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Art Highlights and Tea at the Remington:
Art Highlights and Tea at the Remington:  "When Men and Mountain Meet" by author ...READ MORE
January 03, Friday
REMINGTON DIRECTOR APPOINTED
PRESS RELEASE For Immediate Release: December 5, 2013 ...READ MORE
December 06, Friday
Lesson Plans


Lesson plans found on this page are free and open for use in your classroom!

Click on the PDF icon that coordinates with each lesson plan to open up the complete lesson. Some lessons can be taught through Outreach Programming, Distance Learning or during a School Tour. These lessons are marked with a paintbrush symbol:


 K-3rd Grade Desert Critters


 


This lesson begins with the exploration of a few of Remington’s desert scenes. By looking at the colors Remington used in them we can make an assumption about the temperature in the desert, and guess which types of animals may have lived there and what they would have eaten. Once we have a list of animals, students can decorate paper plate templates of desert animals.
 
K-3rd Grade Remington's Rattesnake


 

Remington’s sculpture The Rattlesnake will be the study for this lesson. We will discuss the differences between a two dimensional work (painting, sketch, illustration) and a three dimensional work (sculpture). Through visual clues, we can tell the horse and rider encountered a rattlesnake. The horse's body language tells us what will happen next in the story. Students will each create a "rattlesnake" made from a spiral cut paper plate. The project will be 2Dwhen they're working and turn 3D when it's finished!


 K-3rd Grade Painting a Nocturne


 

Remington enjoyed painting scenes that took place at night. He used the moon, stars and camp fires for the light source in his works. In this lesson, students will explore light sources in select Remington works and then through guided practice, each student will create their own nocturne painting.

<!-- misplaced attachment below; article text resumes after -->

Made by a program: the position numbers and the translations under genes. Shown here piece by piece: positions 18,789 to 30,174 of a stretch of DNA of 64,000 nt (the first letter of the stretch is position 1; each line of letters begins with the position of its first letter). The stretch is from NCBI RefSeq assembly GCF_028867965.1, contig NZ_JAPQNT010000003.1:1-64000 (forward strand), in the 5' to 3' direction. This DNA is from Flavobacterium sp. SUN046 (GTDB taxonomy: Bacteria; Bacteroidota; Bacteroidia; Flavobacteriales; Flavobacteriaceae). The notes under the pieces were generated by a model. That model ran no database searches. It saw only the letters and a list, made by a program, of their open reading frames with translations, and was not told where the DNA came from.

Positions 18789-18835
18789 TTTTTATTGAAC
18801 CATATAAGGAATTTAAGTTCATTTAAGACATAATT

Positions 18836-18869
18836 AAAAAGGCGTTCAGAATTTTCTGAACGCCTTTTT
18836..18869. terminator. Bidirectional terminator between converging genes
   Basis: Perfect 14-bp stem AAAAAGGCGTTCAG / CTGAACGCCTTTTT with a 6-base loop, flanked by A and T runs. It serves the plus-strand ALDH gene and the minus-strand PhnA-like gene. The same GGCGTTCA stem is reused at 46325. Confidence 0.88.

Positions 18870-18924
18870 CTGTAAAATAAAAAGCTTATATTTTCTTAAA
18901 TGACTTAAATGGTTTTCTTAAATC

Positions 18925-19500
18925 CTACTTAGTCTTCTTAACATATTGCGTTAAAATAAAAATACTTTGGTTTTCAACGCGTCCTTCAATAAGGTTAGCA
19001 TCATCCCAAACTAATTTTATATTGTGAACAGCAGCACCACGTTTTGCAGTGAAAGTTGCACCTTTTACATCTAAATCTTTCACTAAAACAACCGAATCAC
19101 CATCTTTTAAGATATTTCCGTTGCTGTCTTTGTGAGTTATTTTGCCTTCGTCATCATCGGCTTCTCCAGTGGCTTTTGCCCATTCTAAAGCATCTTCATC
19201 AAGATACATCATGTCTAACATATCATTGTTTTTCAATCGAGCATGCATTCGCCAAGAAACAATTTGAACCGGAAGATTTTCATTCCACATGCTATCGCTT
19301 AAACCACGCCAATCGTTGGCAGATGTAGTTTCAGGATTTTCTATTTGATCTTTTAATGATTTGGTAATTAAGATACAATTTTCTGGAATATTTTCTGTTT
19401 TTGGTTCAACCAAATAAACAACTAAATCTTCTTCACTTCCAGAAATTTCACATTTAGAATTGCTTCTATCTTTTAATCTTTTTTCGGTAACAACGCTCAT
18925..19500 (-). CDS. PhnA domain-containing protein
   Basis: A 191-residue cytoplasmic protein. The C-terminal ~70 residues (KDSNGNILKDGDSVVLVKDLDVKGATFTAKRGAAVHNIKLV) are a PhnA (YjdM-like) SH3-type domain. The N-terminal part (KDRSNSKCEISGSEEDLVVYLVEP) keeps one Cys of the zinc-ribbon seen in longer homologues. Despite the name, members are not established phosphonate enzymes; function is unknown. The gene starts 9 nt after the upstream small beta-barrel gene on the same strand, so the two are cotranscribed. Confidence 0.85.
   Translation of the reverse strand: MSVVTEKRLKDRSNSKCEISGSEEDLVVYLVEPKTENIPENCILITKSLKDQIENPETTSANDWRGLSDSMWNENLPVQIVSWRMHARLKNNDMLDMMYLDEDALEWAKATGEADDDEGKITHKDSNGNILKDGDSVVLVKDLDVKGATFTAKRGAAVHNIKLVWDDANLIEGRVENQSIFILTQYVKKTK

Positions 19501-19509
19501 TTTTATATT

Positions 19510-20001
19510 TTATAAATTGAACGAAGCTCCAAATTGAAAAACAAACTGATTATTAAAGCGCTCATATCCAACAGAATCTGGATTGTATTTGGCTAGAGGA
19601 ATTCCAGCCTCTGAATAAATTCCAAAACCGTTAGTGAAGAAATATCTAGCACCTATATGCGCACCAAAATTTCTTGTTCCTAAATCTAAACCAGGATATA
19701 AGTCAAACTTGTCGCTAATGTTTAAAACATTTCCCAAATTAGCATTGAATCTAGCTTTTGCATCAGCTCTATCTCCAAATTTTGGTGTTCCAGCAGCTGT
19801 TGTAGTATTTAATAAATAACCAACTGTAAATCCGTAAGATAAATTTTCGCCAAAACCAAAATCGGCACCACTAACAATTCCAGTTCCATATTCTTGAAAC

4-6th Grade Understanding Color




 

During this visit students will compare and contrast two paintings with different color schemes in order to make interpretations about color theory. We will compare Remington’s Untitled: Around the Campfire with Charge of the Rough Riders. Essential questions: how does color add to or create a feeling, create a mood, and enhance the understanding of the story lines in these pieces? Students will be asked to choose a subject matter comprised of a verb and a noun and illustrate their choice- Examples- Charging Bulls, Scorching Sun, Starving Cowboys. The final step will be to give the work a color scheme that represents feeling.

 
4-6th Grade History Through Remington's Eyes


 

This lesson is coming soon! We've designed a fun activity for your class where kids can play a matching game between Remington's life events with a timeline you display on your wall. This will help kids relate the man to the local and U.S. history he knew so much about. After reading and discussing background information, kids will be using laminated pictures of his life with a Velcro backing in a race to compete and complete the time line of his life!

 
4-6th Grade Cowboy Collages


 



This visit involves an art lesson based on analyzing elements of art in Remington flatworks. After a discussion about how Remington created the illusion of depth on a 2D plain, students have some drawing time to try a technique themselves. Through guided practice they create a horizon line and add a large figure(s) in the foreground and a small figure(s) in the background. We will then scour western magazines and cut out figures (can include horses, cowboys, cacti …) to create a cowboy collage.

 
6-12th Grade Chapman and the Grand Canyon